Get 10,000 views to start making money: YouTube

the asian age

Technology, In Other news

Google has also gone ahead to implement fact policing on its websites too.

YouTube will now start blocking ads to videos that receive a low interest — less than 10,000 views.

YouTube is now cracking down heavily on those who post extremist and pirated videos on the streaming portal. To do this, they are implementing a new move which will cut down revenue of those who put up videos occasionally.

YouTube has said that they will start placing advertisements only on those videos which have crossed more than 10,000 views.

YouTube will now start blocking ads to videos that receive a low interest — less than 10,000 views. This move comes after major brands started pulling out their ad business from YouTube after fearing that they would be indirectly funding terrorism and illegal activities on the video platform. This move also came in after Google failed to police the videos that were being showcased on their streaming service platform, reported The Telegraph, UK.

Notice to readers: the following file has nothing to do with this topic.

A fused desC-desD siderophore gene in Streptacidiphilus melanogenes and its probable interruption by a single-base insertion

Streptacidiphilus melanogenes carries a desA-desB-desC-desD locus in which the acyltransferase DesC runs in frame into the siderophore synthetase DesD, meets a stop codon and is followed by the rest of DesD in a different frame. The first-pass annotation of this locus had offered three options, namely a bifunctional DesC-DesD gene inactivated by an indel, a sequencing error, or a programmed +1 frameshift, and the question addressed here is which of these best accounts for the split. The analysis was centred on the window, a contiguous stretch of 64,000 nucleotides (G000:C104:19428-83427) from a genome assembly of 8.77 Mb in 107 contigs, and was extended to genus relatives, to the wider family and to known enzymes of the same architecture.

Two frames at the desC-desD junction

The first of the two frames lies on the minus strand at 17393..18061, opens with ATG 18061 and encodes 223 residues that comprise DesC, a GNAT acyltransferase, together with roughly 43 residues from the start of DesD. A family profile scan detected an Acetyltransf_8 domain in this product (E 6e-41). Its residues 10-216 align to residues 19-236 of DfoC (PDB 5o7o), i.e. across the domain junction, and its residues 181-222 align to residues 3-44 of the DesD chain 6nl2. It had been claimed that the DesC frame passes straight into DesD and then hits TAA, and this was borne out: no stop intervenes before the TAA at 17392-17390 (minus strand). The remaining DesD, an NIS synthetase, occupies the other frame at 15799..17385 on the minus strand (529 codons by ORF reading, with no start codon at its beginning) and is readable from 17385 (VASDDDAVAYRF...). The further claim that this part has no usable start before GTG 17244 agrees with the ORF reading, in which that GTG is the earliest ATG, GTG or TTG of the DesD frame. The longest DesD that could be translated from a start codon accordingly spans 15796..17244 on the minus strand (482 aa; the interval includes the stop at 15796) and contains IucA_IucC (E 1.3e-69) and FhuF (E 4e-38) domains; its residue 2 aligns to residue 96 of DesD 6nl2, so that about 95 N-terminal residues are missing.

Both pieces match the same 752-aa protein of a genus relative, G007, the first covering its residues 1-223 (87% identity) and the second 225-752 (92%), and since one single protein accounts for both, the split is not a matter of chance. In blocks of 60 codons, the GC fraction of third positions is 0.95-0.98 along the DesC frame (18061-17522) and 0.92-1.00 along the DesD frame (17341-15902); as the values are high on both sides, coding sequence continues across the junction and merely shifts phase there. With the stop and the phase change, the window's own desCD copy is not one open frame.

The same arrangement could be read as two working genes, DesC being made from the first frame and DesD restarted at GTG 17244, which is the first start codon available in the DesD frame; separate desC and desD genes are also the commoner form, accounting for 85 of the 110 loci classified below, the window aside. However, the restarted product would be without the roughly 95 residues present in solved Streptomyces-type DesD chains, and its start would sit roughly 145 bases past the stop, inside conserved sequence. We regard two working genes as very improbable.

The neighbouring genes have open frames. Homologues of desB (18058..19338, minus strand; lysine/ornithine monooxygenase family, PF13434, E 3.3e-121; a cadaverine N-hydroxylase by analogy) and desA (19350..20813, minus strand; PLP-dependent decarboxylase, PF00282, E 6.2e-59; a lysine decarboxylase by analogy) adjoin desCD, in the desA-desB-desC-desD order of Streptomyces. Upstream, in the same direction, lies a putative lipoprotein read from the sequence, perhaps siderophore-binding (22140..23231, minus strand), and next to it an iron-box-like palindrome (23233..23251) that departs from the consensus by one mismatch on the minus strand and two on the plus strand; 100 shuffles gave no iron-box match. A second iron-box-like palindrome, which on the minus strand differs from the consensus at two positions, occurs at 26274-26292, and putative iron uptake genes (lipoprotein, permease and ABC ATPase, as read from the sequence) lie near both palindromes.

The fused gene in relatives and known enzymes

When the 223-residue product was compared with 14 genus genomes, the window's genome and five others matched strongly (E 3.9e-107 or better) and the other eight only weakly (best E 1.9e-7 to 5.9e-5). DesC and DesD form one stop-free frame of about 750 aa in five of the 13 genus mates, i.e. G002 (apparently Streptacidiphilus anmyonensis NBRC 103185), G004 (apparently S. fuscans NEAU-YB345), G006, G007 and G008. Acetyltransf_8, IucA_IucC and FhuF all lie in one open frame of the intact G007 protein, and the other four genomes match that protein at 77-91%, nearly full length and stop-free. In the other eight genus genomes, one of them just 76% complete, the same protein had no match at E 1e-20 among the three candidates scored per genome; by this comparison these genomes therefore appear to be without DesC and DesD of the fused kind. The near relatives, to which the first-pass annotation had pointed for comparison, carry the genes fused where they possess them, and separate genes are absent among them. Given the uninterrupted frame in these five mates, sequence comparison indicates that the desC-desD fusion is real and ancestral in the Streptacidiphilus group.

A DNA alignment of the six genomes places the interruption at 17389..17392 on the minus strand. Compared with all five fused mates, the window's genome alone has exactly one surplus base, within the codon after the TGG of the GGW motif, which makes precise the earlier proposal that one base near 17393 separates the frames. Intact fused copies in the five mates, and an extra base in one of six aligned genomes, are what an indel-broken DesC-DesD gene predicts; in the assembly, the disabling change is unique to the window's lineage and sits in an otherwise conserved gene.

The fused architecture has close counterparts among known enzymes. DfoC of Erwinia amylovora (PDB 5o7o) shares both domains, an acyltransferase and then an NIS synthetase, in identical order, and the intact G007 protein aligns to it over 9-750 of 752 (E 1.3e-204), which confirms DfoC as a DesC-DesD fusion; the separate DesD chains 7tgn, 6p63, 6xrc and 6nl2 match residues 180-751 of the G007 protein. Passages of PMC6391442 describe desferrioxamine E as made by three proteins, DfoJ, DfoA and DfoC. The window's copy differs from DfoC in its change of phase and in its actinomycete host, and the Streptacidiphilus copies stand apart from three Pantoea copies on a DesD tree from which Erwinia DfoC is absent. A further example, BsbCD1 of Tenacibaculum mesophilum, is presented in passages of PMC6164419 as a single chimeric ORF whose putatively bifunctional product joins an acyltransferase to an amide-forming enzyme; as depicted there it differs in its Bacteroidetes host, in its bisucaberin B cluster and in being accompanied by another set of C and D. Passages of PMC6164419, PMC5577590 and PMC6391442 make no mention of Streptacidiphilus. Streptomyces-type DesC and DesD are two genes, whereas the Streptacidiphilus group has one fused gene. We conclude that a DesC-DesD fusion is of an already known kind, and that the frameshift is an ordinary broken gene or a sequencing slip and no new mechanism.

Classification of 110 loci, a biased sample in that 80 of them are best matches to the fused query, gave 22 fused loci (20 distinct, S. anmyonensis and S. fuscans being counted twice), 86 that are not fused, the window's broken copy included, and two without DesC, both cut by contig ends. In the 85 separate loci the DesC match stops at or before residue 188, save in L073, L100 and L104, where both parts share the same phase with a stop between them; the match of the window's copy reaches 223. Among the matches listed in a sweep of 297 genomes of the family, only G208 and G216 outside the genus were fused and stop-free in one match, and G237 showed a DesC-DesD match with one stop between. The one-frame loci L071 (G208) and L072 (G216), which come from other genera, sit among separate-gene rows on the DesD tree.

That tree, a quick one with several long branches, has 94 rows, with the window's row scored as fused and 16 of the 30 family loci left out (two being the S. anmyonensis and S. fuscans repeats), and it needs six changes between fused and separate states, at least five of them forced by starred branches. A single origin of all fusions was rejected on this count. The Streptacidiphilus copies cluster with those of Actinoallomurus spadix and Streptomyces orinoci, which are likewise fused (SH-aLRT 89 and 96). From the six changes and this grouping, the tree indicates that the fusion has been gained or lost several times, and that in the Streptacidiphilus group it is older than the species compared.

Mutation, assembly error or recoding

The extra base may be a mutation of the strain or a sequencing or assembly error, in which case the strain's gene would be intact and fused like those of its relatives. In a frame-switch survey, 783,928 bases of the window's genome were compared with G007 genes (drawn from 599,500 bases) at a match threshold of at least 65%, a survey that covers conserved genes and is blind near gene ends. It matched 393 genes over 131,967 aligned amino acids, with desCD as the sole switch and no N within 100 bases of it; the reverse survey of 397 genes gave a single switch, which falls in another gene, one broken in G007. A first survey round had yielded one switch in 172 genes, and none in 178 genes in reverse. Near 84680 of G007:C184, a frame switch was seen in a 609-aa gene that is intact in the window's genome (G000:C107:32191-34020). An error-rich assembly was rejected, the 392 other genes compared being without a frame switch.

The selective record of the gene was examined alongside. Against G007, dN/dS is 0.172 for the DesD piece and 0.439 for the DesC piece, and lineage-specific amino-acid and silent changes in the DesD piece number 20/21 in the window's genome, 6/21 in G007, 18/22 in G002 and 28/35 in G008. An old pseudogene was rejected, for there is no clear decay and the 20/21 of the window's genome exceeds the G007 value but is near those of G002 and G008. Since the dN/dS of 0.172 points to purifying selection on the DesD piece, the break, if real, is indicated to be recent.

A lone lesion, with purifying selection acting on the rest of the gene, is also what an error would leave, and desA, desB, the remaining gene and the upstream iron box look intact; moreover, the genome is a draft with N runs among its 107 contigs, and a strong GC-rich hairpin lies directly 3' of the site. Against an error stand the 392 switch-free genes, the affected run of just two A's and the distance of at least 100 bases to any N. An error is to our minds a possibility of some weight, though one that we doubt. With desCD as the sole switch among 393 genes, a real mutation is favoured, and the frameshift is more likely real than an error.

The British Government, Tesco, Royal Bank of Scotland, McDonald’s are some of them who have refused to give ads to Google/YouTube after they found their advertisements featured on extremist videos. Google was also forced to publicly apologise in March after the companies withdrew their advertisements.

YouTube’s new policy should not affect those who are earning a living from YouTubing, but the service said that the new threshold will give Google enough information to determine the validity of the said channels.

Google has also gone ahead to implement the policing on its websites by adding Fact Check as a feature to the search engine. This new feature can help prevent spreading of fake news and Google will also implement a ‘true’, ‘mostly false’ and ‘pants on fire’ ratings to help identify such news, with the help of fact checking organisations such as Snopes and Politifact. The fact checking will not be from Google and will be presented to people so that they can make more informed judgements.

Google also said earlier that they will be employing more staff to do fact checks manually rather than wait for people to flag them. The move was welcomed by the IBSA, a trade body that represents British Advertisers.